Warehouse working conditions and the NHS contact tracing app

Categories: research notes
Categories: research notes

From a Twitter thread

A question for @NHSX: Can you assure us of accountability, recourse and fairness all the way down the application stack?

The NHS contact tracing app is using a tonne of technologies, platforms and infrastructures from private and public orgs to get this done.
@NHSX tell us our data is safe, our privacy will be protected. But even if we believe that, there’s far more at stake than personal privacy.

In tech-news today, Tim Bray resigned from his job as Vice President of Amazon Web Services. One of @NHSX’s main suppliers. Bray’s resignation blog is worth reading:

Cutting to the chase:

“At the end of the day, the big problem isn’t the specifics of Covid-19 response. It’s that Amazon treats the humans in the warehouses as fungible units of pick-and-pack potential.

Tim Bray

Reminder: Amazon have at their disposal a greater concentration of wealth than almost any organisation in the history of the modern world.

And their vice president of web services, the man in charge of their digital warehouse, has just quit because during a pandemic, he can’t protect his own co-workers – from their own employers.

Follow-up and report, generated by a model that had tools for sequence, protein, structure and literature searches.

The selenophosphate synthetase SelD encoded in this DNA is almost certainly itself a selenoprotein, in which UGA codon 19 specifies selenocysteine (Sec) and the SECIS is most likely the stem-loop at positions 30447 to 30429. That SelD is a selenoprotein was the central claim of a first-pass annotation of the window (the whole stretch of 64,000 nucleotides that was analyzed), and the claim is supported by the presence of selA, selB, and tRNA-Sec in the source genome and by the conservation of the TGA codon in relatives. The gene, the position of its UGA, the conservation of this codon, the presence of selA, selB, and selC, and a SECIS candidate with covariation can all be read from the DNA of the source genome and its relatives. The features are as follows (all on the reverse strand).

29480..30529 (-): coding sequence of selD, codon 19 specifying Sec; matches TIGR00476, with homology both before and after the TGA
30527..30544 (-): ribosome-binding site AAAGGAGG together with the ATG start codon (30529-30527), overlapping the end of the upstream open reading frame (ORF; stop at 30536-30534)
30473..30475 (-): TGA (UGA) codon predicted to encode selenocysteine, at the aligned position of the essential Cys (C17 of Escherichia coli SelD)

This is a story of accountability and recourse. What recourse will we have when the Amazon warehouse goes on fire?

So I have just one specific question, where is the NHS warehousing our contact traced health information, and what sort of working conditions are the warehouse staff enduring?

We have trusted AWS to look after our health knowledge during a crisis. @NHSX can you assure us of accountability and fairness all the way down the application stack?

Background quotes from Bray:

“Stories surfaced of unrest in Amazon warehouses, workers raising alarms about being uninformed, unprotected, and frightened…
“…[workers] organizing for better safety conditions were fired
“…it was clear to any reasonable observer that [the workers] were turfed for whistleblowing.
“…Management could have objected to the event, or demanded that outsiders be excluded, or that leadership be represented, or any number of other things; there was plenty of time. Instead, they just fired the activists.

Tim Bray

NHSX said this in a recent blog about service provision:

Amazon Web Services (AWS) is helping to provide infrastructure and technologies that are enabling NHSX and its partners to quickly and securely launch the new Covid-19 response platform for critical public services at a time when it is important for public and private sector organisations to work together to combat this crisis. AWS has the highest score awarded by the NHS Data Security & Protection (DSP) Toolkit.


I suspect the DSP toolkit neglected to inquire about industrial relations, isn’t it time?

And more to the point, isn’t this kind of issue exactly what good data ethics frameworks should be testing for? Ethics all the way down the stack.